A new technique in genome engineering that allows DNA to be edited almost as easily as editing text will be the topic of this year’s Ef Racker Lecture at Cornell.
Biochemist Jennifer Doudna, one of the scientists who pioneered the technique, will speak on “CRISPR Biology: Basic Science and Biotechnology” Thursday, Nov. 19, at 8 p.m. in Kennedy Hall’s Call Alumni Auditorium, followed by a reception in Kennedy Atrium. Free and open to the public.
“Dr. Doudna epitomizes the spirit and research style of Efraim Racker, who strongly believed that research into fundamental basic biology has broad ramifications for biomedicine and disease. He was a true champion of basic research,” said Richard Cerione, the Goldwin Smith Professor of Pharmacology and Chemical Biology. “Dr. Doudna represents a terrific example of this idea, as she discovered through purely basic research that certain bacteria contained a unique system for editing DNA, now referred to as CRISPR or CRISPR/Cas9. This technique is being used in a vast array of systems and applications, and one day possibly will be used to correct aberrant or disease genes in humans.”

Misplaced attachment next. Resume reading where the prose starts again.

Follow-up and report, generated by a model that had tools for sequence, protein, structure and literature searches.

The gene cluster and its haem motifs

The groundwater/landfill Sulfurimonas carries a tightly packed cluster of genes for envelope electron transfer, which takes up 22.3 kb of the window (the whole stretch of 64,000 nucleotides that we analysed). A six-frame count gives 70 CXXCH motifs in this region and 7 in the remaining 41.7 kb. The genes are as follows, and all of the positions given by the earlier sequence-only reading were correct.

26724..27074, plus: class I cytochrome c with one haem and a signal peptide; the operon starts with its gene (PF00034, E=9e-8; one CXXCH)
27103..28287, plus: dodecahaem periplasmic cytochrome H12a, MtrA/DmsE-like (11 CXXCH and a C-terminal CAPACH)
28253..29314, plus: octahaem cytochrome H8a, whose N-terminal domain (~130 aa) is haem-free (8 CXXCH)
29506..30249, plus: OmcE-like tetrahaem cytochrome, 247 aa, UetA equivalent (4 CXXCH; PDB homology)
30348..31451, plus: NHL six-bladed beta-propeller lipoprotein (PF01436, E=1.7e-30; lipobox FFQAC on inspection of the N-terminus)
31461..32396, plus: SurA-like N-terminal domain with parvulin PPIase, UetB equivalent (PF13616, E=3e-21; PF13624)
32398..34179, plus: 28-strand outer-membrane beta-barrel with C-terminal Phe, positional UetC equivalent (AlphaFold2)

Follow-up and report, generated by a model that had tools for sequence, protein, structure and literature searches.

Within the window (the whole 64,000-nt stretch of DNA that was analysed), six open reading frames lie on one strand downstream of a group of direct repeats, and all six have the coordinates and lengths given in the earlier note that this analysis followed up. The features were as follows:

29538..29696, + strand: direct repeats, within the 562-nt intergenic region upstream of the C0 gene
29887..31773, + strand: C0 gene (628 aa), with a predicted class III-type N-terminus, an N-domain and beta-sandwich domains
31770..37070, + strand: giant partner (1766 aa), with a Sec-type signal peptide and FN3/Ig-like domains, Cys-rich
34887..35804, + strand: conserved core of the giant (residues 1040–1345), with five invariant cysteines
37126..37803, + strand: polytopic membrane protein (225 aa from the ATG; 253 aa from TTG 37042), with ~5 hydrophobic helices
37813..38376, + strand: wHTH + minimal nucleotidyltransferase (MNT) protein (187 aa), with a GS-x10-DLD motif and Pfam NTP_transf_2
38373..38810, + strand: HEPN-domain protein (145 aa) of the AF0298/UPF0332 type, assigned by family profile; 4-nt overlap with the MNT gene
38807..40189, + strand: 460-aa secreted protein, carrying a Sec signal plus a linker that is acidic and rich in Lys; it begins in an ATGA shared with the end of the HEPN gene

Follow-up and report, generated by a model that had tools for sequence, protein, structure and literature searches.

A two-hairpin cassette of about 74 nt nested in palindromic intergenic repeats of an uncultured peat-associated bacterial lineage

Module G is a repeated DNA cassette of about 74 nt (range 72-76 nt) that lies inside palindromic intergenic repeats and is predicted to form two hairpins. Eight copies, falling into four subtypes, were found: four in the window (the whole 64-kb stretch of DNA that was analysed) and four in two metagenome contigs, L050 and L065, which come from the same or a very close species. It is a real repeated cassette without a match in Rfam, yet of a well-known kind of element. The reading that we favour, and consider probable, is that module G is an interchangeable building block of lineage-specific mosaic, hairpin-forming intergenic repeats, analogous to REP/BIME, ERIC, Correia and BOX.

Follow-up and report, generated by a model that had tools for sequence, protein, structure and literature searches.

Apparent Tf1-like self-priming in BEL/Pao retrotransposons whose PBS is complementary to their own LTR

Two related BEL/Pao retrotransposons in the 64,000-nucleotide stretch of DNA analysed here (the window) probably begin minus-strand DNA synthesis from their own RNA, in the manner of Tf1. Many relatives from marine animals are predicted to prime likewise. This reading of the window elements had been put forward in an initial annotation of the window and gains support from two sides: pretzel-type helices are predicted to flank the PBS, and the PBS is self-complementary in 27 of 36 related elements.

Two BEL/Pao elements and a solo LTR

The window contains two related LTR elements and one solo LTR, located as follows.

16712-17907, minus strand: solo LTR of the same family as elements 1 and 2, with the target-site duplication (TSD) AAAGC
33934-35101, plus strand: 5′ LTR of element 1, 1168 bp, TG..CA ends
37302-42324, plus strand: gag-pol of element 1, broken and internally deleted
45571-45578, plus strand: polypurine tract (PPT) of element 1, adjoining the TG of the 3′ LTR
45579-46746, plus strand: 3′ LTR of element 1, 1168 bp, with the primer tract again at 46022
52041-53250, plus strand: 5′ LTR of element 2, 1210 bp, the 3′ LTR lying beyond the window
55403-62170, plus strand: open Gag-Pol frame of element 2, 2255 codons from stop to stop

Research by Doudna into how RNA molecules control the expression of genetic information led to insights about CRISPR-Cas9-mediated bacterial immunity that enabled her lab and that of collaborator Emmanuelle Charpentier to redesign this system for efficient genome engineering in animals and plants. The technology is revolutionizing the fields of genetics, molecular biology and medicine.
Doudna is the Li Ka Shing Chancellor’s Chair in Biomedical and Health Sciences and professor of molecular and cell biology and professor of chemistry at the University of California, Berkeley, and an investigator of the Howard Hughes Medical Institute. She is a member of the National Academy of Sciences, the American Academy of Arts and Sciences, the National Academy of Medicine and the National Academy of Inventors.
On Friday, Nov. 20, Doudna will offer a seminar on “The CRISPR-Cas9 Genome Engineering Revolution” at 4 p.m. in G-10 Biotech Building, followed by a reception. The seminar will be live streamed via Webex; register at http://bit.ly/1LEn7Yk and enter MBG@cu1 as the password.
The Racker Lectureship is named for the late Efraim Racker, who was the Albert Einstein Professor of Biochemistry and chair of the Section of Biochemisty, Molecular and Cell Biology at Cornell.
Linda B. Glaser is a staff writer for the College of Arts and Sciences.